There’s something that’s long fascinated me about the winter solstice: the uniquely human way we respond to it, and the universality of that response. Animals respond to the onset of winter either by migrating or by hibernating. Our earliest ancestors generally migrated too, following the animals and their food sources. But at some point, in addition to harnessing fire, they also learned to salt and cure meat and to dry and preserve fruits and vegetables in anticipation of cold, lean months with few sources of fresh food.
That bit of technology is pretty extraordinary in itself, if you think about it: being able to live semi-independently of what nature readily provides at any given time. And then, people all over the world saw a need to determine in a very precise way when to expect the changing of the seasons in order to further assert control over their own circumstances. Astonishingly accurate astronomical and calendar traditions arose independently everywhere in the world, from the northwest corner of Europe to the Middle East, China and India and throughout the Americas, stretching back over 4000 years.
Humans are pretty amazing. What’s even more amazing is how much we tend to think the same way, regardless of our wildly diverse environments.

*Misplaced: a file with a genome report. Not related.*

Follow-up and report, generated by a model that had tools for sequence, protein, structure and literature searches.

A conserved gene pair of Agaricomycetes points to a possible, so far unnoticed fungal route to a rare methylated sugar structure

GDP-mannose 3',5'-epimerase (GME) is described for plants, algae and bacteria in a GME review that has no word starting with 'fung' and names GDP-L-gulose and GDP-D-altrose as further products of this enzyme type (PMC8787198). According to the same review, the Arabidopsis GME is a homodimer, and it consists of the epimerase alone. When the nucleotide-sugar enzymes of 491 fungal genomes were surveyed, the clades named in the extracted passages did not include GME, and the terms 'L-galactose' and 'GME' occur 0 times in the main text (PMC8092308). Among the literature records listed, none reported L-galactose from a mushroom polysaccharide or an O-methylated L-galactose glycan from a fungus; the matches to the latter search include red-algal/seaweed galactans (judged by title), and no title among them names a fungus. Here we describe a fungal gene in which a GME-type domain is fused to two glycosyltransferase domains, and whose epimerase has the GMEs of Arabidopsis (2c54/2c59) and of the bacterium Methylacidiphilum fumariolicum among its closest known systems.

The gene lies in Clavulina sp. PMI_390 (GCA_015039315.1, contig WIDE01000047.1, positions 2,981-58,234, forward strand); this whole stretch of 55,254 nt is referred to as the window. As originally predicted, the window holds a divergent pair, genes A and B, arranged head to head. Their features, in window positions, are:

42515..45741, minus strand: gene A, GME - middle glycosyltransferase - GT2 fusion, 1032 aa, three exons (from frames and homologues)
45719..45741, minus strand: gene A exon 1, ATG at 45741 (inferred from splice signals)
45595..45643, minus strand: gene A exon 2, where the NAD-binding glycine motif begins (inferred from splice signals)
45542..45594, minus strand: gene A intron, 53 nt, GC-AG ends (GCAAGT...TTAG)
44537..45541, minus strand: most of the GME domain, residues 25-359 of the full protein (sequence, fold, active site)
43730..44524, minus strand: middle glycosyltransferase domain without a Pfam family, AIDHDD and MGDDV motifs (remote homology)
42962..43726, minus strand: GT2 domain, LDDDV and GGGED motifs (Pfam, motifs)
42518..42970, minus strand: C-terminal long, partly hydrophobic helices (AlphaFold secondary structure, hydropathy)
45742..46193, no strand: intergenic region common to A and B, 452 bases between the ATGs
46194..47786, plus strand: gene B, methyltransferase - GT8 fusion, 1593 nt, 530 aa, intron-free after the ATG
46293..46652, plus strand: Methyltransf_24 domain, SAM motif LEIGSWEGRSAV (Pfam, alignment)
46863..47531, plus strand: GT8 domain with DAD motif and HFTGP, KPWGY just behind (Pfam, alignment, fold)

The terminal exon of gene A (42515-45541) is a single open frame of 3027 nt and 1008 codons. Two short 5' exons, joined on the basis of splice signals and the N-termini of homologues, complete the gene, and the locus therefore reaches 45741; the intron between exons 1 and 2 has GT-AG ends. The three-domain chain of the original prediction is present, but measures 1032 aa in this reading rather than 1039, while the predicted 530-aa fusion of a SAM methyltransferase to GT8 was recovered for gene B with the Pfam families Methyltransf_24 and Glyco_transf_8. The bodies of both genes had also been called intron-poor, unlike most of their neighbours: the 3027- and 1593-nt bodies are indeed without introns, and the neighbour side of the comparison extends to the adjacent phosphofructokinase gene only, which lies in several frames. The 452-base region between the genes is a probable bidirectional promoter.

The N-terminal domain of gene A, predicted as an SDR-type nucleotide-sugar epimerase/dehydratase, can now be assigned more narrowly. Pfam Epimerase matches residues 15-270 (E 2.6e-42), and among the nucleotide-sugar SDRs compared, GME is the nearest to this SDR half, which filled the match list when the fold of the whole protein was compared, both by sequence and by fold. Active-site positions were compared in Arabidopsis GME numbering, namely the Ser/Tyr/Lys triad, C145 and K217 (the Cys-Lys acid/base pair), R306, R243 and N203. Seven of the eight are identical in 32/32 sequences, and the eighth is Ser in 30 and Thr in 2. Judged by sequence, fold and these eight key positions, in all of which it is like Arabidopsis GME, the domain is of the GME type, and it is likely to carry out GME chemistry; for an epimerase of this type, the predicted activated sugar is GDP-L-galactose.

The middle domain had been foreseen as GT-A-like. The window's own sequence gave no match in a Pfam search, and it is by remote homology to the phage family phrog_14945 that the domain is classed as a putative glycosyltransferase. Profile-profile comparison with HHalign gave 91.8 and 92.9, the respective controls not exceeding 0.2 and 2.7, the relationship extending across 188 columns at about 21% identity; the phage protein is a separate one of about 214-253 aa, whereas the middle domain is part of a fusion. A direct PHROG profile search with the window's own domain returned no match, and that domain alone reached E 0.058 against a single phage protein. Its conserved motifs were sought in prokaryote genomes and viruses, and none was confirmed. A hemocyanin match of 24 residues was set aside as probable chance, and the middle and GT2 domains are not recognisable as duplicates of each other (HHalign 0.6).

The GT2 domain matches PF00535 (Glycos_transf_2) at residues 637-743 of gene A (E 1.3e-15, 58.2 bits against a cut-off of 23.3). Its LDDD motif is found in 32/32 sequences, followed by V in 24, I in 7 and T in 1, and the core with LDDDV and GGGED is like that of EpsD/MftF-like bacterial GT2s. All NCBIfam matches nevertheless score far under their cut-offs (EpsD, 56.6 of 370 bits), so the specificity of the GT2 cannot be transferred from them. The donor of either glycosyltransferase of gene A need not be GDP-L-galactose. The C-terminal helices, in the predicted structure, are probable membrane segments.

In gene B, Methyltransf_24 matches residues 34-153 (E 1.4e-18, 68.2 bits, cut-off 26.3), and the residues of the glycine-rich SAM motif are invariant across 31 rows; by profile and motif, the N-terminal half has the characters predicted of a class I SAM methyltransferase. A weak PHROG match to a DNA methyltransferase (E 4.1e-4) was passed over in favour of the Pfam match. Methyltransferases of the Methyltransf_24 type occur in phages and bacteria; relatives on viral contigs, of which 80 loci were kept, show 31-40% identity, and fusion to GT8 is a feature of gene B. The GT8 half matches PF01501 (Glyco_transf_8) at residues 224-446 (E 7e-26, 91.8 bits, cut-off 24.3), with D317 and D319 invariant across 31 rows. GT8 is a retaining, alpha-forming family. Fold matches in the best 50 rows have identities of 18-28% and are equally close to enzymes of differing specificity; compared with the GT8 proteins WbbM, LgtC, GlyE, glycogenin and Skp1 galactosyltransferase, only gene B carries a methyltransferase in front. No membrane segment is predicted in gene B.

So far, to be honest, I’ve been rather flummoxed by the proceedings at this conference. There seems to be massive confusion about “the cloud” and what it means for enterprise IT, both strategically and tactically. I’m not sure if the concern alleged in various sessions is something being generated by Gartner or flowing from their clients but there’s a rather dramatic difference in tone compared to their 2011 conference, which was full of optimistic and practical presentations from enterprises already well down the path of private cloud implementations. To wit:
Takeaway #1: The recurring theme from Day 1 was that enterprise IT is practically a dinosaur whose very existence is threatened by AWS.
There is an entire track called “Web-Scale IT: Can It Make Enterprise IT Competitive With the Cloud”. In session after session, analysts exhorted their listeners to think about how to use cloud techniques within their enterprise so as to not lose control of their IT operations. This despite the fact that an audience poll during the first keynote indicated that figuring out private and hybrid cloud was already the primary focus of the majority of attendees. And without regard to the various forms public clouds may take and the range of purposes they fulfill, Amazon was consistently invoked as a catchall term for “the problem” that enterprise IT must get ahead of, vs a complementary function. The notion of “own the base, rent the spike” apparently is anathema.
Keith Townsend (@virtualizedgeek) provides an excellent deconstruction of the notion that AWS is interchangeable with enterprise IT services here. Such on-the-ground realities aside, it’s useful to understand that this is the lens through which Gartner collectively (there are clear exceptions with regard to specific analysts) is organizing their commentary and advice.
Takeaway #2: Traditional infrastructure markets are well-covered and well-understood. Management and orchestration are another story.